Johannesburg, Gauteng, 28 February 2017 – After four years of debate, new regulations regarding gap cover and hospital cash plans will be enforced as of the 1st of April 2017.
Government relooked these legislations as the lines between medical scheme products and health insurance became increasingly blurred, which is problematic as these offerings prescribe to different laws.
“Many consumers cannot afford comprehensive medical scheme plans,” explains Sujeeth Bishoon, executive head at Acuideas. “Hence, they opt for taking out a low-cost medical scheme plan and bridging their limited cover by taking out medical gap cover as well as a hospital cash plan. This kind of plan, in comparison to comprehensive medical scheme cover, is the more cost-effective option to ensure medical cover for the whole family.”
The new regulations are as follows:
- Gap cover will be limited to a R150 000 payout per client per annum and will only apply to in-hospital visits.
- Hospital cash plans will be limited to R3 000 per day or a R20 000 lump sum per year.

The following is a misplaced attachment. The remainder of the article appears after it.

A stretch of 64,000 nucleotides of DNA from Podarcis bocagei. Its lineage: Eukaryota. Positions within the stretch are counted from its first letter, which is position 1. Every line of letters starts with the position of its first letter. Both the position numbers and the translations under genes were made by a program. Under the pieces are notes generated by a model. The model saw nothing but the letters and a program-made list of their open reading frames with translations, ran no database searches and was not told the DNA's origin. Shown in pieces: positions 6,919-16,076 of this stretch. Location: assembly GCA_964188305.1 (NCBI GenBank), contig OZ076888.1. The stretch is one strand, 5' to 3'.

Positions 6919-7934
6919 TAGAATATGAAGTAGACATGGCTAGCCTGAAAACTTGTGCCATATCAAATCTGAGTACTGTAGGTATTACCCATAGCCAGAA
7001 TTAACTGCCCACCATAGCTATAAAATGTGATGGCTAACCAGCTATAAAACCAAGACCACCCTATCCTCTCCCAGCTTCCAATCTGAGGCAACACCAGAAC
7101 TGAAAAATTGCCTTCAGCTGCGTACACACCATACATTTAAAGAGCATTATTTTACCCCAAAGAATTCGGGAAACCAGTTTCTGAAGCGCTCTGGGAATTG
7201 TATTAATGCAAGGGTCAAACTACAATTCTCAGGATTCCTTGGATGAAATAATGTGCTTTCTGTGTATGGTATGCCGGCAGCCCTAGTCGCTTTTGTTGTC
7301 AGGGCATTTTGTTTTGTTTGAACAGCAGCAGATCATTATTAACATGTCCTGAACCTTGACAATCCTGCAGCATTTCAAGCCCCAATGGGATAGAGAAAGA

- Primary healthcare policies will be outlawed.
As these regulations will be implemented from the 1st of April 2017, all new policies will have to comply with them, whereas existing policies will only do so from the 1st of January 2018.
“It is important for brokers and advisors to consider what the potential impact of these new regulations might be on the consumer,” Bishoon states.
Health Minister Aaron Motsoaledi believes that these medical scheme products give, healthcare practitioners, such as doctors, the opportunity to charge patients more instead of competing for patients either by offering better benefits and quality or by lowering their prices.
However, Bishoon says, “the legislation changes will create exposure for those consumers who cannot afford expensive comprehensive medical aid plans, or it may result in consumers incurring the additional costs to upgrade to comprehensive medical plans. This ultimately puts pressure on the disposable income of the consumer.”
In an attempt to lower the financial strain on consumers, the medical scheme industry and the Council for Medical Schemes are currently in discussions about a low-cost benefit option (LCBO). Although this option would fall under the Medical Scheme Act, amendments to the current legislation will have to be made as one stipulation states that 270 Prescribed Minimum Benefits should be available to all members at cost price, pushing up membership costs.
“The role brokers and advisors play will become more important as they scrutinise over both their client’s needs and the available medical insurance offerings in order to find the best possible insurance solution for their clients,” Bishoon concludes.